Team Reports
Sportscar and GT teams ask us to cover major events for them. This is one ‘page’ of several from Marcus Potts’ material for PK Sport at the 71st Le Mans 24 Hours. This material benefits the team, but also provides that depth and insight into a major event that readers welcome here.

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PK at Le Mans - Hours Eighteen to Twenty Four

18 Hours
Having resumed his stint, Robin Liddell proceeded to trudge around the circuit at what was, for him, a modest pace, typically setting times of around four-forty. It was with some relief that he was able to confirm over the radio that the engine temperatures were now under control, but the accomplished racer was finding the strain of driving so much within himself almost as stressful as pushing along at the limit.

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19 Hours
At the conclusion of his double-stint at around 11:20 Robin handed over to David Warnock. It was not long after this that he was intercepted by the Radio Le Mans pitlane reporter, who announced that the popular English-language station had chosen Robin as their “Man of the Match” for his Herculean achievement in driving fifteen laps last night without power steering. “He deserves a medal the size of a town hall clock,” declared John Hindhaugh. Robin then spoke about the car’s difficulties and the team’s prospects for the months ahead. “Now it’s a damage limitation exercise,” he said, explaining that the car had suffered from a succession of ‘little niggly things’. “It’s been an interesting experience,” he admitted, “and I’ve learned an awful lot. I think we’ve shown what we can do,” he said, with thoughts towards the possibility the American Le Mans Series. “If we can run with the works cars in race trim, “ as the PK Porsche has done this weekend, “and we can get a lift up, then there’s no reason why we can’t compete directly with them.”

When eleven had shown on the clock and nineteen hours had been spent on track the PK car was just a fraction over a lap ahead of the DBA 675 prototype. Over the following forty minutes, however, and influenced by the two-and-a-half minutes taken for Robin and David to change places, plus the crew to refuel the car, that gap narrowed inexorably. Finally, at quarter to twelve, the #26 prototype swept by. Although John Nielsen’s car had spent over four hours in the pits, it was also able to lap regularly in the sub-four-minute mark, and was steadily recovering some of that lost ground.

While losing a place on track to the 675 made no difference to the class order, which still showed the #78 Porsche 7th in GT, the arrival in the pitlane of the T2M Porsche #84 with a clutch problem would. The Ickx / Bourdais / Berville entry would be static in the garage for almost three hours, and an eighteen-lap advantage for the German squad would evaporate. For the time being, however, PK was still shown 26th in the overall standing. Three more retirements were confirmed: the Riley and Scott on 214 laps, the #68 Viper on 229, and the #12 Panoz Elan LMP with 233 laps under its belt.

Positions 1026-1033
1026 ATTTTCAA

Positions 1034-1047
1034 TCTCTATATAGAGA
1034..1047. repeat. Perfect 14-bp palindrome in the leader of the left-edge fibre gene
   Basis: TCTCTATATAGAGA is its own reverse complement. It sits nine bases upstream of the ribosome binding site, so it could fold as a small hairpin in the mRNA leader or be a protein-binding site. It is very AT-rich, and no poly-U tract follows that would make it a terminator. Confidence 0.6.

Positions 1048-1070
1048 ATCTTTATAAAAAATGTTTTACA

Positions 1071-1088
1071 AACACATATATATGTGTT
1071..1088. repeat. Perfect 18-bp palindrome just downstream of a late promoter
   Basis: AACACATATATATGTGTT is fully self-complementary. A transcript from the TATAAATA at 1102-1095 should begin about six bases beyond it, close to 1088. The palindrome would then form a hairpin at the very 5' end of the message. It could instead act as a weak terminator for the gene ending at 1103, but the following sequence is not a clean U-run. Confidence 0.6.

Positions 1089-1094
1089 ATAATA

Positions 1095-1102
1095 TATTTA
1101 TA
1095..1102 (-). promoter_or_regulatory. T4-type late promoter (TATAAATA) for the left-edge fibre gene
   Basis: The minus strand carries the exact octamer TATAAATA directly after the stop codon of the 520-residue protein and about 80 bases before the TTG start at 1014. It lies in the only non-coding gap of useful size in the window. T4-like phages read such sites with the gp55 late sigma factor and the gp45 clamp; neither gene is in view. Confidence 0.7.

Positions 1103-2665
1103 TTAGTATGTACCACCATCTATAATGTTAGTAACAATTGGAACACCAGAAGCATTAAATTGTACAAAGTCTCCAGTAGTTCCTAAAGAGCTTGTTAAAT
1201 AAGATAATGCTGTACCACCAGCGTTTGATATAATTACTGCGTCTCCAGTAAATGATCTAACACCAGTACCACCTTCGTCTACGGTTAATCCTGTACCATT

20 Hours
Midday on Sunday and, despite the earlier concerns, the #78 car had, if anything, restored some of its earlier pace. It was also looking a good deal cleaner than most of its rivals, many of these others showing all the signs and stains of twenty hours hard driving. During the earlier half-hour stop, Mike Pickup had insisted that the car be cleaned, and with the temperature problem apparently stabilised, David was posting some perfectly respectable times. Following the lap-by lap progress of the PK Porsche was not, however, as straightforward as it had been. For some reason the timing transponder was proving erratic, with the car shown on the timing screens simply as ‘Porsche’. Normally a driver’s name is also displayed for every competitor on track. Initially the organisers had wanted the team to bring the car back into the pits to have the faulty unit replaced, but after some tactful persuasion they agreed to revert to a manual system. This threw up some interesting times, with one lap at 12.30 recorded at 14:17. It stood out as unusually quick alongside the more typical, and team-advised, four-thirties and forties, but minutes later times for every car in the race had extended to seven minutes or more.